Whenever you point this out, someone always brings up the first-person anecdotal refutation along the lines of oh come on I know that certain kinds of jobs vanished. Yes, a lot of jobs vanished, but pretty much in all sectors, as Krugman keeps painstakingly pointing out.
Not that there aren't certain trends over the long term, but blaming our current high unemployment on skill gaps never made sense with even the most cursory look at the facts. What happened between the last month of 2007 and the last months of 2009 was not a sudden onset of skill mismatch, it's impossible.
It's always bothered me that our Blessed Leaders have simultaneously released corporations from any kind of restraints on sharing private data or profiteering while also contracting out to those same corporations things that used to be regarded as state secrets. And, say what you will about the intelligence community, it doesn't make sense to be allowing the same technology we are using to supposedly protect our country into the hands of people who will happily (and legally!) sell it to our supposed enemies. Isn't there really only one place for this stuff? (And do you remember how, as soon as all this out-sourcing stuff started, suddenly disks full of private information from places like the Veterans Administration that ordinarily never left the building suddenly started being "found" in Lafayette Park or somewhere someone had just casually left them? It's just amazing how much of this formerly-secure information is suddenly being released into the wild - by "accident", or is it design?)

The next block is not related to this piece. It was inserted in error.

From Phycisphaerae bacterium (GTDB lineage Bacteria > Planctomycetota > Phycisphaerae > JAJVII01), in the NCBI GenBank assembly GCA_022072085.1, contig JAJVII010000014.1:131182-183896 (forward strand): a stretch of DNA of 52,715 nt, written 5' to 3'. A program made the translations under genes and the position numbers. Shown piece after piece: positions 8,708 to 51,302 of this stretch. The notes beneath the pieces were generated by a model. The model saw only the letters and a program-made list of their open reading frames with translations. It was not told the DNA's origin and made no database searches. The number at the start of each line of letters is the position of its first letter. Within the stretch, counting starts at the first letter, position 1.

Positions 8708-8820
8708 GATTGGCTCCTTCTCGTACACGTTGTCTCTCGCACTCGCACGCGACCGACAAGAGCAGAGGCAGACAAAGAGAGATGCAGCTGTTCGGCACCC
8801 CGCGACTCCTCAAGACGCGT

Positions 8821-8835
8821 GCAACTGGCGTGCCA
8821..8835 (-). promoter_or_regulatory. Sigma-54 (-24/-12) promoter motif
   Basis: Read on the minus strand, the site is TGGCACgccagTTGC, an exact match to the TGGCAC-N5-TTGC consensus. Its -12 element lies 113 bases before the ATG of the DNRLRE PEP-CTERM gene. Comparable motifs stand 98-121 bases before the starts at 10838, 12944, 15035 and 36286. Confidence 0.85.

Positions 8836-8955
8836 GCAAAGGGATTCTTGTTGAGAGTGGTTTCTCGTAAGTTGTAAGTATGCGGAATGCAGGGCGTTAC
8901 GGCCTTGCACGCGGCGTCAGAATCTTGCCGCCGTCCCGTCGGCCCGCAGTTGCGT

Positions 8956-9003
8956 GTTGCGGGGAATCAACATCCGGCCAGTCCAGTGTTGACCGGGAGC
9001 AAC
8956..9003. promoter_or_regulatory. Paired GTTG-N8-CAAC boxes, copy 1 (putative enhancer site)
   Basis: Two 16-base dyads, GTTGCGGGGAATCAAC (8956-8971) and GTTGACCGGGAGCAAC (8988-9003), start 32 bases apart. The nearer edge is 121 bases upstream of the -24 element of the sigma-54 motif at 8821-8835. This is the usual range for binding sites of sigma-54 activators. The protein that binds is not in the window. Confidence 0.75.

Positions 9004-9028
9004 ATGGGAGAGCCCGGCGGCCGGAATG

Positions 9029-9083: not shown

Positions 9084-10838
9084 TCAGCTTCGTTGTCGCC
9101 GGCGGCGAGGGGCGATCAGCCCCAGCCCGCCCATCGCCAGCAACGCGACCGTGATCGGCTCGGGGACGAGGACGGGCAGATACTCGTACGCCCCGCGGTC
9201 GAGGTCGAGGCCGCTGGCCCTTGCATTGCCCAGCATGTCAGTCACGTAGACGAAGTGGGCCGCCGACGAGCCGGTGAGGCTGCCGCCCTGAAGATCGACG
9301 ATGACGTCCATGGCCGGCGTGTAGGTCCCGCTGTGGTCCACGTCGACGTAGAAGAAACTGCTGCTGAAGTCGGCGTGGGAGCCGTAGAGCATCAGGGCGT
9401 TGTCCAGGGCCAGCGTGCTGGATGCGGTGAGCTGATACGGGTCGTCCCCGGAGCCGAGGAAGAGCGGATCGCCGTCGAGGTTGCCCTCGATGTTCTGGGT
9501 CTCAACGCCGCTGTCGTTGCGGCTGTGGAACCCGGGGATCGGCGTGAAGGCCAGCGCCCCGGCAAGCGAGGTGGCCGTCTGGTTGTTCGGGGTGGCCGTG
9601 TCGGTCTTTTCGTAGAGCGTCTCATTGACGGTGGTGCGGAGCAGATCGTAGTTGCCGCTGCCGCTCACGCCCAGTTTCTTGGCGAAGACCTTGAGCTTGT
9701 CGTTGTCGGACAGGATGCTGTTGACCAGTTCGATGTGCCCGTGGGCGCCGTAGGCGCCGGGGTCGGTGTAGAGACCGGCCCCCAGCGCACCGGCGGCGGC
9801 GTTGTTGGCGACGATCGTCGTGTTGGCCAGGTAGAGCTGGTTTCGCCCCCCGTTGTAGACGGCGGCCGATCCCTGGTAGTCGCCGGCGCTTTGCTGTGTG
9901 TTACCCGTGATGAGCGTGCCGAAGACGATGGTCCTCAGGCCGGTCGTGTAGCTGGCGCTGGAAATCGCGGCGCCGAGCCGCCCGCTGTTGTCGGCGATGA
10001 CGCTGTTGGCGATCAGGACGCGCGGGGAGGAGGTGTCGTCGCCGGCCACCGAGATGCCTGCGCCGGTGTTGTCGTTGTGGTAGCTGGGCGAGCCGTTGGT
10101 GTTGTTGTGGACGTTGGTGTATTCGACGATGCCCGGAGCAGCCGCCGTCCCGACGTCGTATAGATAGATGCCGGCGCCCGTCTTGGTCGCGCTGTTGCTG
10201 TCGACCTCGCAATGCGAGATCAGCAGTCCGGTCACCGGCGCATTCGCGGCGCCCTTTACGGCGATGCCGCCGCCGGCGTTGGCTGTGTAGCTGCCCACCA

Jonathan Turley: "The Price of Silence: Supreme Court Rules That Pre-Miranda Silence Can Be Used Against Defendant To Prove Guilt: "In a major loss for individual rights vis-a-vis the police, the Supreme Court ruled 5-4 that prosecutors could use a person's silence against them in court if it comes before he's told of his right to remain silent. The prosecutors used the silence of Genovevo Salinas to convict him of a 1992 murder. Because this was a non-custodial interview, the Court ruled that the prosecutors could use his silence even though citizens are allowed to refuse to speak with police. It is of little surprise that the pro-police powers decision was written by Samuel Alito who consistently rules in favor of expanding police powers."
"Bank of America whistle-blower's bombshell: 'We were told to lie': Bank of America's mortgage servicing unit systematically lied to homeowners, fraudulently denied loan modifications, and paid their staff bonuses for deliberately pushing people into foreclosure: Yes, these allegations were suspected by any homeowner who ever had to deal with the bank to try to get a loan modification - but now they come from six former employees and one contractor, whose sworn statements were added last week to a civil lawsuit filed in federal court in Massachusetts."